The profane involves linear time and is opposite the sacred. Profane time is daily time, historical, made up of dates continuously succeeding each other, one moment dissolving the next, one event replacing the previous.  It is the time of work, bureaucracy, governments, backyards, bars - social, polical and otherwise. By re-enacting the gods, their myths, an individual in an archaic tribe could find himself stepping into the illo tempore, the time before.

This is why the Greeks and later the Christians associated the resurrection god with the vine. By drinking Dionysus or Christ, the worshiper took the god within. Both gods were born in unique and miraculous circumstances (Dionysus was sewn into Zeus's calf following his mother's death by lightning; Mary was a virgin) and both performed miracles. Both were sacrificed and experienced equally grueling deaths. 

The nature of the vine represents the sacred nature of life.

Life is born. It is nothing short of a miracle that in the vastness of the universe, this Earth exists and supports life. Trees are green in the summer, mountains rise, oceans fall against their shore lines, wildlife floods the wilderness, in the air, on the ground and in the sea. 

But life is not long and death haunts all our horizons. The vine produces beautiful fruit just as we produce children, works of art, accomplishing various daily tasks like gardening, carpentry - even conversation and the relationships founded on them are a production of our hidden divinity. 

When we die the vine is like us and we are like the vine. We have struggled to bring something out of the nothing, bringing purpose to the naked canvas of existence. We have our religions, our myths, our deities, desires, duties, morals and responsibilities but they are all created by us. Our dying is our dormancy. Dionysus and Christ both die but they are resurrected.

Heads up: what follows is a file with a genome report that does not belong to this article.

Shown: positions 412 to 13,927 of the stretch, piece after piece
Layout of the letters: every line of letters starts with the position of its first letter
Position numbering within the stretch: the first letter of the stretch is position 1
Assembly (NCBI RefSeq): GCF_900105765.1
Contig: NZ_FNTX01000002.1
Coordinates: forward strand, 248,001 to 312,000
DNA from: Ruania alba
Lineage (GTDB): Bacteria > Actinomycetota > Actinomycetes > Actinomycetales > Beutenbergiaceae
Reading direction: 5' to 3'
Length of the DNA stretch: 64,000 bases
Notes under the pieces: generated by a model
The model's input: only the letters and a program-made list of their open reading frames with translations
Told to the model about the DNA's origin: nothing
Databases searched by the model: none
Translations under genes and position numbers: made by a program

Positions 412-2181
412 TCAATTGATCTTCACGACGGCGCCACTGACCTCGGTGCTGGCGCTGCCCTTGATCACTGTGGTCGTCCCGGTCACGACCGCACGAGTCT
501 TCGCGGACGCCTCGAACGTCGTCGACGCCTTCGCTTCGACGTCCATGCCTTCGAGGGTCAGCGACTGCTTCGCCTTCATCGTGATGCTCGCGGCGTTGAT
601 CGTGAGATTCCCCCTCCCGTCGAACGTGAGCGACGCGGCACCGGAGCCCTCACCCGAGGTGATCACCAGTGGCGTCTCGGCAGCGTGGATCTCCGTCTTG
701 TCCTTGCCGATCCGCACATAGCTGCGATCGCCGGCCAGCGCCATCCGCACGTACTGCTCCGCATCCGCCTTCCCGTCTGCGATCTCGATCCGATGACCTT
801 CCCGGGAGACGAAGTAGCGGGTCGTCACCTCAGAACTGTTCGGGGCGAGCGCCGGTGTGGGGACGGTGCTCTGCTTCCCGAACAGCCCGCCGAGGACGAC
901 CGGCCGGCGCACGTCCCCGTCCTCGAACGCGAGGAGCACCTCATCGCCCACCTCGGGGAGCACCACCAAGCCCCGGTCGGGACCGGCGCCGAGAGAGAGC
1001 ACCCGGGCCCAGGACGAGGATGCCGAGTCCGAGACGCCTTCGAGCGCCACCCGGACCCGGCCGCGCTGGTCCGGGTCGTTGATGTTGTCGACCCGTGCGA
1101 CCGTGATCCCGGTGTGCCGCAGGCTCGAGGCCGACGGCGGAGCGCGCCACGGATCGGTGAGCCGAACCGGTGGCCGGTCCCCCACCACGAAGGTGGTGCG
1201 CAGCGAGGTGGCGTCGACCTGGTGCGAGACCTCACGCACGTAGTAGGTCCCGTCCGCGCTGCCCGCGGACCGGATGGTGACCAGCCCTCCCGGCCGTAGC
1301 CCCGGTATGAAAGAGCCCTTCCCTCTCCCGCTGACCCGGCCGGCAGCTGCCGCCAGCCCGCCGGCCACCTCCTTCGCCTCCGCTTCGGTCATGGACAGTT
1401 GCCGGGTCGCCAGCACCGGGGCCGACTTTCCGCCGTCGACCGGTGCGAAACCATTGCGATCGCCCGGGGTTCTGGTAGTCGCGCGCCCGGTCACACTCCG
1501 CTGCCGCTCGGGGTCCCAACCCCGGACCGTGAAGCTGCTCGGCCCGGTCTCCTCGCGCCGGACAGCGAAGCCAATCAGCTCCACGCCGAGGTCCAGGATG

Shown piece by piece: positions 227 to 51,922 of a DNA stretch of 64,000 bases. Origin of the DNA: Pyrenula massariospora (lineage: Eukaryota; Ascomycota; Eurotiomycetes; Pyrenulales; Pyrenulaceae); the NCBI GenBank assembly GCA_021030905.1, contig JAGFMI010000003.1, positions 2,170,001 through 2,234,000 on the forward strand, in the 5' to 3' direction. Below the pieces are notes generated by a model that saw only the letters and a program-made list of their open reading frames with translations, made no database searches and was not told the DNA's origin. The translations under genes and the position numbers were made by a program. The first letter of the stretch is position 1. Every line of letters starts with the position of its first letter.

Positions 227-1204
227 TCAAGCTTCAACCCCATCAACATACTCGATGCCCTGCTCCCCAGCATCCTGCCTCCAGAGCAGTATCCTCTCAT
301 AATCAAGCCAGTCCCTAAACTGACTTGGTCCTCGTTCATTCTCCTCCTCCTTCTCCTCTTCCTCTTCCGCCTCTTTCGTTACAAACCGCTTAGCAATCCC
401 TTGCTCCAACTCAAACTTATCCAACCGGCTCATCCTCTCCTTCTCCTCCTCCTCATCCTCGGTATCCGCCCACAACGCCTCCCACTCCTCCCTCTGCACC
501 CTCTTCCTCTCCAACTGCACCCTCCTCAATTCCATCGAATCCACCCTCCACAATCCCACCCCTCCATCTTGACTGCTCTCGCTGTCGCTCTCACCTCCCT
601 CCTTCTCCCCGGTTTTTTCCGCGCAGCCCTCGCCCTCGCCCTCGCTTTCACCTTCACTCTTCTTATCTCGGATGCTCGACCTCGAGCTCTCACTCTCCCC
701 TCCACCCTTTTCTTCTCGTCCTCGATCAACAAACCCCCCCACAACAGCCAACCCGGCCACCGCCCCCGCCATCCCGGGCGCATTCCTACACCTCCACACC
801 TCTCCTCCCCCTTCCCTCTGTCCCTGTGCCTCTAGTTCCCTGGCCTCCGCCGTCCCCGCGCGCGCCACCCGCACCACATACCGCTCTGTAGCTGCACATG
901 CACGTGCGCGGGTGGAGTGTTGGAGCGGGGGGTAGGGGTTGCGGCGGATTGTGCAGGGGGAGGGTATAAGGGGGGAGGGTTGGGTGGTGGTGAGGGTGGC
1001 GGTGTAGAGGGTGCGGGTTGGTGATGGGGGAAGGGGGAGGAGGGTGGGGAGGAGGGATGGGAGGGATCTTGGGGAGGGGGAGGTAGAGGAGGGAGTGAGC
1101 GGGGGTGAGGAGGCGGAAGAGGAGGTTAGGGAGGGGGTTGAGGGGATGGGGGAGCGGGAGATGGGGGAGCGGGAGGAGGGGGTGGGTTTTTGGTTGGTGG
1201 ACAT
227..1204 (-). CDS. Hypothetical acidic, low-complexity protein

We drink this hope that we too won't end with our last breaths. We drink a glass of wine because it is more than just a beverage. Hope is beauty and we desire it. 

There are so many things we see with our eyes, hear with our ears, touch with our hands, smell with our noises but taste is by far the most intimate. The Mona Lisa smiles at us but we are distant from her. The scent of the flower belongs in the liminal realm of space and petals while the music of Beethoven haunts our ears. Wine flows in us, it meets us. It is intimate like a lover's long awaited kiss. This is the intoxication.

Wine is our consolation. At the end of our profane hours, when we need to step back from the parade, the often hopeless journey that is life, wine brings us a comfort. Sipping a wine is either done in silence or with others. Just as we can enjoy our solitude, sitting with a book we can drink wine in whatever company so long as it is kind. When we can't have what we want, when the one we love is not going to love us or the passing face is not going to stop on the street, their beauty leaving the moment broken in two, wine is there to sew up the wake of the unfulfilled. 

This is what wine represents to me but maybe to others. This is my passion and this is how I feel.


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My focus is mainly on wine culture, history and education. I love the stories behind wine - the people, places and the regional personalities of the wine-countries around the world.